Studies have found associations between exposure to certain flame retardants and adverse health effects, including cancer, reproductive toxicity, immunotoxicity, neurotoxicity, reduced IQ, birth defects, and hormonal changes. Infants and young children are the most vulnerable group, as they are acutely susceptible to neurodevelopmental toxicants and endocrine disruptors. In addition, the use of flame retardants makes recycling the casings of electronics more difficult, expensive, and in some cases, impossible. This will reduce the economic viability or recycling in developed countries and harm the health of recycling workers in developing countries.

Following the successful opposition of flame retardants in standards for televisions, work will now focus on areas that may require the indirect reintroduction of such requirements through alterations to standards that establish related safety criteria.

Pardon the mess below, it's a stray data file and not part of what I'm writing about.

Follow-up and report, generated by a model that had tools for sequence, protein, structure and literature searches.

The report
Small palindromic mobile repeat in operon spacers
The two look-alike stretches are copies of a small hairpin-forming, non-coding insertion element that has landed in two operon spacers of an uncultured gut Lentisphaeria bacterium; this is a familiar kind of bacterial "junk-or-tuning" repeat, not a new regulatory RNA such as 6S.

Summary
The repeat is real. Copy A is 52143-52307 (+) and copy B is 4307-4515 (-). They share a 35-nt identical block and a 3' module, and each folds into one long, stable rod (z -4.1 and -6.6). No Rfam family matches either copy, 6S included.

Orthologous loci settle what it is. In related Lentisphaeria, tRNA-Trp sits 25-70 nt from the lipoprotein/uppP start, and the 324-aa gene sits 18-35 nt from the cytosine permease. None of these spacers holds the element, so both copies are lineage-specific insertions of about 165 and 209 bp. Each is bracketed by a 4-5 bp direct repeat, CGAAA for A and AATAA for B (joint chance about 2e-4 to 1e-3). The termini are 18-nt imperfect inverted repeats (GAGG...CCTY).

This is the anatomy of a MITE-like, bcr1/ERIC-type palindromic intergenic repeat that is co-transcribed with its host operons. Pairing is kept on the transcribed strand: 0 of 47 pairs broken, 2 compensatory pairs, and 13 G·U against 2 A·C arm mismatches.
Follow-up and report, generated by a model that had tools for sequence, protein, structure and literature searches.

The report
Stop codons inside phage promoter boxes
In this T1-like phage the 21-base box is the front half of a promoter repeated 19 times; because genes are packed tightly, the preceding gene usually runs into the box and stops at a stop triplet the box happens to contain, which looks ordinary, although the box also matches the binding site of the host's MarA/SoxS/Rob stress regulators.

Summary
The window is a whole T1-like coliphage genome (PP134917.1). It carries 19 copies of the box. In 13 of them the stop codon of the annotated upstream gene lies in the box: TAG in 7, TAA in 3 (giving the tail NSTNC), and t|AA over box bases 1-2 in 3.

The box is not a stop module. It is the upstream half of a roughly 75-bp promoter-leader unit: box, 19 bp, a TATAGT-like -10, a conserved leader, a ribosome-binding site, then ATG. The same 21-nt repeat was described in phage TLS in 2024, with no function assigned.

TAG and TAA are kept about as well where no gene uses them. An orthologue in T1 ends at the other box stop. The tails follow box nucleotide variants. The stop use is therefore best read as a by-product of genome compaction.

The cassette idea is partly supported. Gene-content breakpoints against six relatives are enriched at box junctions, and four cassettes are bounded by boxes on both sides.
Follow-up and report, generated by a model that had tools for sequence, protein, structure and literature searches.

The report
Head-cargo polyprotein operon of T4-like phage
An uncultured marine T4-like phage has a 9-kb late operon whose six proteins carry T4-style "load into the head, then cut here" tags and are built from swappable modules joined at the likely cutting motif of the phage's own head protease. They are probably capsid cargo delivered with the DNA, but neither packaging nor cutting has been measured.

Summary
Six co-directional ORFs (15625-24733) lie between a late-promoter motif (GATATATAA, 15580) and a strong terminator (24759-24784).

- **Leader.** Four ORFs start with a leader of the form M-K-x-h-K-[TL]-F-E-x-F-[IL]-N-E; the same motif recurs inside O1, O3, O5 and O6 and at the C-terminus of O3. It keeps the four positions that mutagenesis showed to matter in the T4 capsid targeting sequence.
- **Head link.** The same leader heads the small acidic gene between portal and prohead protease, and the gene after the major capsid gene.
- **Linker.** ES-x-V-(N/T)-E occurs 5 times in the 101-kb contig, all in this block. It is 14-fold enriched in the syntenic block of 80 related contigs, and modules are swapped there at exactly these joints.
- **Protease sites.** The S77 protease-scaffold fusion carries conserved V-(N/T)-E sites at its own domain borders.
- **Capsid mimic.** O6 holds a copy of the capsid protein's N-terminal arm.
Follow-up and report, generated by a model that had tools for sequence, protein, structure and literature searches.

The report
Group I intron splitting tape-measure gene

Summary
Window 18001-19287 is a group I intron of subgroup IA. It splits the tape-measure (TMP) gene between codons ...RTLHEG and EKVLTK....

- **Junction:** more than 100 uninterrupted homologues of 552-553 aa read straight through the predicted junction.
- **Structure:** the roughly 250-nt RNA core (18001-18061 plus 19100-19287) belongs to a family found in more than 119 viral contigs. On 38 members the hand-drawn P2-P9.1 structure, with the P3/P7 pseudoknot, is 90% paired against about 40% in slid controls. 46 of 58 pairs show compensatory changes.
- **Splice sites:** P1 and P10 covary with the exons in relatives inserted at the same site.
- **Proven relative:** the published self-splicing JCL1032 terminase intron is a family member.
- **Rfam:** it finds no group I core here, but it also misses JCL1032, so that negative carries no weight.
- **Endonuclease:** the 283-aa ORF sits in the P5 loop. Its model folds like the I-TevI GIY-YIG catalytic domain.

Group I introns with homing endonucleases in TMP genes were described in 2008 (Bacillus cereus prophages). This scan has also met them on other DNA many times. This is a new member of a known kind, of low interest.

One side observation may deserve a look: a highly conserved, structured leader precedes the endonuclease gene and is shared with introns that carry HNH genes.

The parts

ECOS will continue making efforts to prevent the use of flame retardants in televisions and other consumer products, so as to ensure that the use of potentially dangerous substances in products is minimised, limiting citizen and environmental exposure during the whole product life-cycle.

Activities:

Further demonstrate the lack of scientific rationale for ignition requirements in televisions
Follow standardisation work on the safety of electronic equipment and information and communication technology (EN 60065 and EN 62368)

ECOS contributes to:

IEC/TC 108: Safety of electronic equipment within the field of audio/video, information technology CLC/TC 108X: Information and communication technology

Standardisation requests from the European Commission and EFTA
Not applicable

TWIFor more details on ECOS’ participation in the standardisation of flame retardants, please contact:
Thomas Willson – Standardisation Officer – Smarts meters and smart grids, chemicals, energy
thomas.willson/at/ecostandard.org



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